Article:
US Supreme Court Expected to Uphold Gun Law Safeguarding Domestic Violence Victims

US Supreme Court Expected to Uphold Gun Law Safeguarding Domestic Violence Victims

Washington - On Tuesday, the justices of the US Supreme Court seemed inclined to support the constitutionality of a federal law that criminalizes firearm possession for individuals under domestic violence restraining orders. This case is a significant test of the court's conservative majority's willingness to further expand gun rights.

The justices heard arguments related to an appeal by President Joe Biden's administration, challenging a lower court's ruling that struck down the law, designed to protect domestic abuse victims, as a violation of the Second Amendment to the US Constitution, which guarantees the right to "keep and bear arms."

The 5th US Circuit Court of Appeals in New Orleans had previously determined that the law did not pass the rigorous test set by the Supreme Court in a 2022 ruling. This ruling mandated that gun laws must be "consistent with the nation's historical tradition of firearm regulation" to survive a Second Amendment challenge.

Several conservative justices, who constitute a 6-3 majority, raised questions about the administration's argument that the Second Amendment might allow for the prohibition of firearm possession by individuals who are not considered "law-abiding and responsible," a category that includes domestic abusers.

However, some of their questions indicated a willingness to find the law compatible with the Second Amendment by applying a standard that would disarm individuals deemed dangerous, as opposed to merely irresponsible.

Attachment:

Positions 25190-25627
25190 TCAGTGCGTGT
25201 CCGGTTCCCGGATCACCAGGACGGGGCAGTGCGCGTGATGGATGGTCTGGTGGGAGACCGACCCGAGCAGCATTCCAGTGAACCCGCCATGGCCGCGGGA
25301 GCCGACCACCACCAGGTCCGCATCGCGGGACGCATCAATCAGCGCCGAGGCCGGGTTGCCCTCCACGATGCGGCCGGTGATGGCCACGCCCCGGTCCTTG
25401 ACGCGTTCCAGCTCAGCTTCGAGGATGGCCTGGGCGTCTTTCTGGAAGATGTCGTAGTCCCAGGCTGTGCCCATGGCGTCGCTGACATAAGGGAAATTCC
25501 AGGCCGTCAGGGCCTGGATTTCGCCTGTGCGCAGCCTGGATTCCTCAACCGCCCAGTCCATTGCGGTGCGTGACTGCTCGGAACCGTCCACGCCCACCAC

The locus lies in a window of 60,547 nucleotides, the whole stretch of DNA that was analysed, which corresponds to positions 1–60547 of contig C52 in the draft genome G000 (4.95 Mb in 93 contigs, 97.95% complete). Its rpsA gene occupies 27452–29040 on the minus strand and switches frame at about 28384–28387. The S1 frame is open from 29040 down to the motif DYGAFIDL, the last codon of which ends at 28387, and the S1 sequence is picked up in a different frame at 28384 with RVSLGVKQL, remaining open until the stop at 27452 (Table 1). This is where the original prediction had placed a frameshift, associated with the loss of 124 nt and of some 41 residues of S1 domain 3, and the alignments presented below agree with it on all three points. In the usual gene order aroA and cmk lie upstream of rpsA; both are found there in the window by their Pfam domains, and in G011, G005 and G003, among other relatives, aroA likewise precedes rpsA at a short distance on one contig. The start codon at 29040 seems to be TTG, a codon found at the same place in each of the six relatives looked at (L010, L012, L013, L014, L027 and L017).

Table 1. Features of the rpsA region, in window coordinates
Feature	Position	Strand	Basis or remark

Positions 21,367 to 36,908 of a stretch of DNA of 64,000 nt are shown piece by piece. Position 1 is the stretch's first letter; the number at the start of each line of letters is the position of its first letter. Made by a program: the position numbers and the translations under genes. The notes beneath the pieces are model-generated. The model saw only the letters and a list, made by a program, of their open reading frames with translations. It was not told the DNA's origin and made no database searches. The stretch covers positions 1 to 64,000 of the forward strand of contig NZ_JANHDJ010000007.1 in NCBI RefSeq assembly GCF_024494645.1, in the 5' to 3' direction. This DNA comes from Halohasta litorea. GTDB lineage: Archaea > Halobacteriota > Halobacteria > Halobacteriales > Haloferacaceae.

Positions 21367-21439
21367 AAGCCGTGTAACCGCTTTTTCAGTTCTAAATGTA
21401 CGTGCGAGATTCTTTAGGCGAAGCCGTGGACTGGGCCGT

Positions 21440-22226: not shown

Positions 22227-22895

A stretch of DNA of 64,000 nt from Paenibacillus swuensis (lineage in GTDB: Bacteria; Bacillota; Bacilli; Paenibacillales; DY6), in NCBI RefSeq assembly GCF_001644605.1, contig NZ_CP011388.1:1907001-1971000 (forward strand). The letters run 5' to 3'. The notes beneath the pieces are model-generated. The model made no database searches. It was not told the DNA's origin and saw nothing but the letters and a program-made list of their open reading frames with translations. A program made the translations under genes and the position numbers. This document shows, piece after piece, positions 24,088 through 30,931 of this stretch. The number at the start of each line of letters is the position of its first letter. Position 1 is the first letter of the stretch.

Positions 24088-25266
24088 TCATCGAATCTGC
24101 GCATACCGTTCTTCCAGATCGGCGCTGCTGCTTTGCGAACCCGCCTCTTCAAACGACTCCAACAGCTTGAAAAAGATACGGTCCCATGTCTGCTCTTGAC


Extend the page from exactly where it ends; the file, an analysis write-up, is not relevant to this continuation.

Chief Justice John Roberts, a conservative, focused on the term "responsible," suggesting it was overly broad and open to interpretation.

Solicitor General Elizabeth Prelogar, representing the administration, pointed out that the term "not responsible" was a standard articulated by the court itself in three major gun rights rulings over the past 15 years. It is closely linked to the potential danger an individual might pose if they had access to firearms.

Prelogar argued that the law aligns with the historical tradition of disarming individuals who have committed crimes or who pose a danger, including loyalists, rebels, minors, individuals with mental illness, felons, and drug addicts.

The case involves Zackey Rahimi, a Texas man who admitted to illegally possessing guns while subject to a restraining order due to assaulting his girlfriend and making threats. The police found the firearms when searching his residence in connection with multiple shootings.

Advocacy groups have cited research showing that the presence of a gun increases the likelihood of domestic abuse incidents turning lethal. Prelogar emphasized this point, stating that "Guns and domestic abuse are a deadly combination."

Conservative Justice Amy Coney Barrett raised questions about whether "law-abiding and responsible" is the appropriate test, given its ambiguities.

Liberal Justice Elena Kagan expressed concerns that ruling in favor of Rahimi could potentially invalidate other gun restrictions, undermining public safety.

The court, known for its expansive interpretation of the Second Amendment, is expected to issue a ruling by the end of June. This case holds particular significance in a nation divided over how to address firearms violence and gun rights, especially in the context of frequent mass shootings.

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